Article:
>I'd like to see more dialogue on the
>foundations of our thinking instead of debate over their manifestations.
>For example, I presume that, as social systems in which knowledge is
>created/acquired, disseminated, and used (Huber, 1991), all organizations
>have embedded learning processes. Consequently, for me the notion of the
>"learning organization" makes little sense except as a redundancy.
and I would agree. But what's wrong with a bit of redundancy?
What is really new in this area since about 1940? We've got some new
models and frameworks (NLP, TQM, QFD, MBTI, DiSC, OLI, Theory Z, FEAR,
Left brain / right brain, "Square Wheels?" -g- etc.) that add some clarity
or perspective. But they do not represent a whole lot of real innovation,
in my opinion. Mostly it is the awareness that these ideas create that
have their impacts on organizational change..
If top management gets all turned on by "LO," cool. At least we have some
hooks into getting their behavior to change. We can offer them/us some
data and information, present some new ideas for improvement of something
or other, stimulate some internal discussions, take a look at other
organizations (benchmarking -- what a "new" idea!!), and do some other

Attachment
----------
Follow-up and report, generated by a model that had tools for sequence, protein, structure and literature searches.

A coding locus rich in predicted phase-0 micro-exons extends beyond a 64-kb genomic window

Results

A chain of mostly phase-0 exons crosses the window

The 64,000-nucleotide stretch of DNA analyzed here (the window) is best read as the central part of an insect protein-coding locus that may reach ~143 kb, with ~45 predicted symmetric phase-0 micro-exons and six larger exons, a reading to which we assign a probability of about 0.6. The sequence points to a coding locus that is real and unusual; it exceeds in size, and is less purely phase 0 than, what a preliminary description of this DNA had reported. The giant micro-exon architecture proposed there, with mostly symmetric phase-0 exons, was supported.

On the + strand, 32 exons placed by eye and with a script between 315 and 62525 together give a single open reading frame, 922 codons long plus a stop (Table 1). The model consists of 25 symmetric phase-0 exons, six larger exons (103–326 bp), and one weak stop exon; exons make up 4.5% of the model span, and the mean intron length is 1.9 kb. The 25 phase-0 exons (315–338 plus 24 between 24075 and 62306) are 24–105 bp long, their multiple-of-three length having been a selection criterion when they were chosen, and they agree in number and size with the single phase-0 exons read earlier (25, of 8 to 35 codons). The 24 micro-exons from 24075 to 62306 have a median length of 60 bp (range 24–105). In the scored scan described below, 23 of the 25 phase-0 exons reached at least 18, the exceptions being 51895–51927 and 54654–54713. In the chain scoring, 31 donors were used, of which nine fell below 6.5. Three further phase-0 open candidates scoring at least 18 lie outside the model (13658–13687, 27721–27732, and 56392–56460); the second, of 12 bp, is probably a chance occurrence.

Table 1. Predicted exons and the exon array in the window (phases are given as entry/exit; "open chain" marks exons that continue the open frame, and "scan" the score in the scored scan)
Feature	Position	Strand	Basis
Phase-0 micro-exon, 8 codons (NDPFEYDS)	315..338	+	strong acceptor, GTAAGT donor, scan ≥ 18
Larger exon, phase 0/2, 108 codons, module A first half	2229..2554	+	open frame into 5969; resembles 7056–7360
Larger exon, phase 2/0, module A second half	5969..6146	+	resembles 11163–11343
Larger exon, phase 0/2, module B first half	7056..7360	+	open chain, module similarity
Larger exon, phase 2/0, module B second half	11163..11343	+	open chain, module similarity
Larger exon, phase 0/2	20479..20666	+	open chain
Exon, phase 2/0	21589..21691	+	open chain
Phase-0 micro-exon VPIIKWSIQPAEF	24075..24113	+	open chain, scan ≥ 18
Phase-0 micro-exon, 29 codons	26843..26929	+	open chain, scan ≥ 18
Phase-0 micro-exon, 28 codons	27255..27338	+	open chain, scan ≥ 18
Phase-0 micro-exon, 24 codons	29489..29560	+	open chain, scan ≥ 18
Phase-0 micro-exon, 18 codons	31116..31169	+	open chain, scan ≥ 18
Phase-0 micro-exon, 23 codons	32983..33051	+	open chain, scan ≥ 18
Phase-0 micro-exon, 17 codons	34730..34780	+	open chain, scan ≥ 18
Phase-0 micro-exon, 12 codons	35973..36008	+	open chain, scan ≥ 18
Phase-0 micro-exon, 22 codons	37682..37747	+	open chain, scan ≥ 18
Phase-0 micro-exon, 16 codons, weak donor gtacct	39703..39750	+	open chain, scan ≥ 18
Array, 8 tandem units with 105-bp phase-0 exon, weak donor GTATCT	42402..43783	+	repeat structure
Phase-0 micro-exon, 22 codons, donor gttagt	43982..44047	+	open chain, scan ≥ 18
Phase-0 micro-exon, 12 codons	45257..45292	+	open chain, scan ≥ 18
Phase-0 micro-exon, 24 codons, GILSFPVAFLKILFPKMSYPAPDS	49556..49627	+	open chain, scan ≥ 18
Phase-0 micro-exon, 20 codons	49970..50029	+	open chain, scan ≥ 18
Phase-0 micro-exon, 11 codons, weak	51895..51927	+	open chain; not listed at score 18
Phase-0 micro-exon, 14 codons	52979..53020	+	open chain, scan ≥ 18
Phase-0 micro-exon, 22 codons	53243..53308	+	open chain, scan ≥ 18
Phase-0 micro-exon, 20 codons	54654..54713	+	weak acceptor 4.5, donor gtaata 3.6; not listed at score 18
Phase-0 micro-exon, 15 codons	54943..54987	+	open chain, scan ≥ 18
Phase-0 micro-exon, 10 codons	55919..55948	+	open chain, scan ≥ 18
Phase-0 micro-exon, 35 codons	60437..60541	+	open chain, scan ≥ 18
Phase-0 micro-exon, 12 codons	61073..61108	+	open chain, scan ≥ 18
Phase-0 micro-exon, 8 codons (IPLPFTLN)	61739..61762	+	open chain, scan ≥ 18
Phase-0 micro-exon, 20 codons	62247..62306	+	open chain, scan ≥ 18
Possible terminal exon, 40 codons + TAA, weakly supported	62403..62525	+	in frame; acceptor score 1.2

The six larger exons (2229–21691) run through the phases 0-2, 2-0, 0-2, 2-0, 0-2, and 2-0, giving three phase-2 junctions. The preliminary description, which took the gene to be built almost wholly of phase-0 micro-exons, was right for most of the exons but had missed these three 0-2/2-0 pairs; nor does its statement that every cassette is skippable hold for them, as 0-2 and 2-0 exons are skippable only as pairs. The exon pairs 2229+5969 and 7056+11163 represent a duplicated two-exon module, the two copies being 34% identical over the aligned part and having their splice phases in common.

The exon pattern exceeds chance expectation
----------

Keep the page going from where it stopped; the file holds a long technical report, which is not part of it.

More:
things WITH them to make improvements.
Look at "Missions and Visions." It was all the rage a few years ago (and
is currently raging in some other countries) but what it did in, simply,
in most places was to get top managers to be a bit more specific about
what they were doing and where they were going. And then to share these
expectations and goals. Duh. And they were hiring consultants to
actually DO IT for them. Duh. All the consultants did was add a bit of
(BTW, I have a *list* of about 100 Mission / Vision words I'll share if
anyone is interested -- And a process to get people to "write" missions
and visions. And it is amazing how many people asked for this list when I
posted a message in the Trainers and Training Forum on Compuserve. Duh.
Seems like we're all looking for good ideas and better ways. Do I hear
the rumblings of "learning organization, learning organization, learning
Social systems have always played a role in organizational performance.
Leadership. Quality / Price / Value. Communications. Culture. MD and
OD. Behavioral psychology. Coaching. Modeling.
For me, Learning Organization is a bit like, "The Department of Redundancy
Department" in that learning always occurs in individuals and groups. The
keys to accelerating the process of growth are getting the perceived
support at the top as well as awareness at other levels -- and maybe a
little boost on an individual level because an individual is "expected" to
learn something new as a result of their new Team-Process or Personality
The key: It works.
And since ontogeny recapitulates phylogeny, I'd suggest a good strategy is
to identify the ways that previously successful programs have been
implemented in your organization and use those same strategies to generate
more of the continuous continuous improvement,
For the Fun of It!
Scott Simmerman email@example.com
Learning-org -- An Internet Dialog on Learning Organizations For info: <firstname.lastname@example.org> -or- <http://world.std.com/~lo/>